Celonis transparently shows that between 2020 and 2021 its total emissions in tons CO2e have increased. It provides the data both with procurement (scope 1 to 3) and without procurement (scope 3.01). The graph below illustrates the increase:
In 2020, Celonis emitted 9,336 tCO2e globally over all Scopes, resulting in 9.3 t* per employee based on an average of 1,000 employees. In 2021, its emissions increased to 22,195 tCO2e.
Celonis says that the increase can mainly be attributed to the doubling of its headcount over the year, the opening of several new offices and the re-opening of the economy in 2021 after 2020, which resulted in increased travel and commuting activities.
Breaking it down, Celonis’ total emissions per scope can be thought of as:
- Scope 1 (0.7%) – direct emissions from the company-waned fleet and cooling refrigerants
- Scope 2 (1.0%) – indirect emissions from offices, including electricity and district heating
- Scope 3 (98.3%) – indirect emissions from its value chain, including electricity consumption through website usage and additional electricity consumption through software usage
Breaking this down even further, the report states:
Taking a look at our emissions per scope, it becomes evident that our main emission hotspots are Procurement (67%), Business Travel (11%), and Employee Commuting and Remote Work (11%).
Focusing on impact
Knowing that procurement, business travel and employee commuting and remote work are the company’s biggest pain points when it comes to emissions, Celonis has provided an action plan for each to reduce emissions over the coming years.
For instance, for procurement, Celonis said:
We will segment and prioritize vendors according to their carbon emissions and climate aspiration levels. Then make procurement decisions based on this categorization.
In 2022, we have already set up a Supplier Code of Conduct and Supplier Rating Process and implemented IntegrityNext and Ecovadis to monitor the sustainability performance of our suppliers
Additionally, we are working on enhancing data granularity in calculating our Procurement emissions to help our decision-making in the decarbonization of our supply chain.
For mobility, Celonis is pushing carbon-reducing travel modes, has switched from offering cars to employees to transportation allowance, and has set a goal to reduce its fleet to zero cars by 2030.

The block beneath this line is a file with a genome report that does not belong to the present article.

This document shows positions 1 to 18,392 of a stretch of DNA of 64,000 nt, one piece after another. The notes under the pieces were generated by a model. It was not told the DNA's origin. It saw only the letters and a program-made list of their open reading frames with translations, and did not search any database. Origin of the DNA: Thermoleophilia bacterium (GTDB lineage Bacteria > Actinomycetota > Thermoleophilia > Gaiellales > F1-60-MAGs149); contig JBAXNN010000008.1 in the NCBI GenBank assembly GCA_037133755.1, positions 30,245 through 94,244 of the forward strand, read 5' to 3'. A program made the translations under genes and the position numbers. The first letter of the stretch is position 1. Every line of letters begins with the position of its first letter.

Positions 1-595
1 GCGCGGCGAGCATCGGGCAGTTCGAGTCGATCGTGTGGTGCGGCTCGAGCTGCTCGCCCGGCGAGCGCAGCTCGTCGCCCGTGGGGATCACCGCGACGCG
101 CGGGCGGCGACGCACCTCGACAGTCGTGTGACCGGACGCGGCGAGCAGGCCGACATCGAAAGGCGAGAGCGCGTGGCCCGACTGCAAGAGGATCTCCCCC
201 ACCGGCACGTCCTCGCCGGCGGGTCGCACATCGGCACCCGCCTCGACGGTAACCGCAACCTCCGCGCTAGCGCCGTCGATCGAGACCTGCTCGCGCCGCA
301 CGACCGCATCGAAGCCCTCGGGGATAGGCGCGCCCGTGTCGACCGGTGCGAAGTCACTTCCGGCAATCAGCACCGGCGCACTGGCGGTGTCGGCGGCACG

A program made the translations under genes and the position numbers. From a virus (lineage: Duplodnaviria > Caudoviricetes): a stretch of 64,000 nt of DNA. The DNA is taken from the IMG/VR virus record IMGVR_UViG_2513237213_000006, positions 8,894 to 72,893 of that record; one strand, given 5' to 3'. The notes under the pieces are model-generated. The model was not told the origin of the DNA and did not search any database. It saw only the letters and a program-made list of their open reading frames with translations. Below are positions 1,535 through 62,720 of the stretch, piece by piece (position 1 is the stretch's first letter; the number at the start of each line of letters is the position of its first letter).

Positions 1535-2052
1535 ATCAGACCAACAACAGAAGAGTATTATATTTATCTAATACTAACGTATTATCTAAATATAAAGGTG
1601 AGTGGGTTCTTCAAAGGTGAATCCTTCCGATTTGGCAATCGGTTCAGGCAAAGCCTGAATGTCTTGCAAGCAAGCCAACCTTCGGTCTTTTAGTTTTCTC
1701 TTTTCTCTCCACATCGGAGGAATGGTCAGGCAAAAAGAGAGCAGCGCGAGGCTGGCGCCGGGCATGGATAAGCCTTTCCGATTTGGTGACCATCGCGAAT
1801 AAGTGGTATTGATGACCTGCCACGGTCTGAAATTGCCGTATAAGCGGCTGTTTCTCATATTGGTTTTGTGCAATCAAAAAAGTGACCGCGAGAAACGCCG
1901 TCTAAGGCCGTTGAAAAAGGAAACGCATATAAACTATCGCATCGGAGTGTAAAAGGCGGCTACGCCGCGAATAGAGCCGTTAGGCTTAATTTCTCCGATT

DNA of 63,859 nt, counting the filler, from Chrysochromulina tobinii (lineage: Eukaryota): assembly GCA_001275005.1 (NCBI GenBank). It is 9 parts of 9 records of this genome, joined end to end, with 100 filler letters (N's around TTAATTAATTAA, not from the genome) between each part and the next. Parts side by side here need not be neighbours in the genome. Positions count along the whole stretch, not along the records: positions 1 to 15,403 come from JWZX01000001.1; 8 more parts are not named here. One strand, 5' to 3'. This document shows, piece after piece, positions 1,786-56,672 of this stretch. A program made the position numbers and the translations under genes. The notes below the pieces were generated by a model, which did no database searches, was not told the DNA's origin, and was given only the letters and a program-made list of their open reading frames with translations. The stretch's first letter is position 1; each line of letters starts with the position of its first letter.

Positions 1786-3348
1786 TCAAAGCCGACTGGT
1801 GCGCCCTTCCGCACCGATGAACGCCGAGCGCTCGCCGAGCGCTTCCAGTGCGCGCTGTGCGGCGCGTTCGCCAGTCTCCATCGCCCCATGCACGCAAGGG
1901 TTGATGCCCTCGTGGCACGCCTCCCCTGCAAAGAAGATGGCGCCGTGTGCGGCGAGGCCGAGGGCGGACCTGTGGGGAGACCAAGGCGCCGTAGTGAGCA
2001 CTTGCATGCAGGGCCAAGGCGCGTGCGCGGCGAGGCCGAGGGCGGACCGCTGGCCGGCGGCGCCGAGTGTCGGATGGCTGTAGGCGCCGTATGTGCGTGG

On office energy consumption, the report states:
Our goal is to power all of our offices globally with renewable electricity. A large part of this includes sourcing renewable energy sources equivalent to our global electricity consumption. Although offices make up only a small portion of our footprint, the current energy crisis brings energy consumption into focus for any company.
In addition to this, Celonis has said it increased the share of spend on less carbon-intensive servers in 2021 compared to 2022. The chart below illustrates how this has changed:
It’s clear that Celonis has work to do in moving towards its net zero target in 2050, but it’s even more obvious that the company is taking this seriously and not shying away from the challenge. Providing transparent data and measurable objectives is priority number one – and it is asking its employees and customers to hold it accountable.
Equally, Celonis is taking this challenge to the market with its products too – as we highlighted at the end of last year – with the launch of new applications that make carbon reduction decisions easier for its buyers. Process mining and execution management is a section of the market that is uniquely positioned to operationalise sustainability into companies’ processes. And from my conversations with Celonis, it is taking this seriously.
The sustainability report is worth reading in full and kudos to Celonis for its wide-ranging, but granular, approach to tackling carbon emissions. We will be watching this closely and looking to other vendors in the market to follow suit.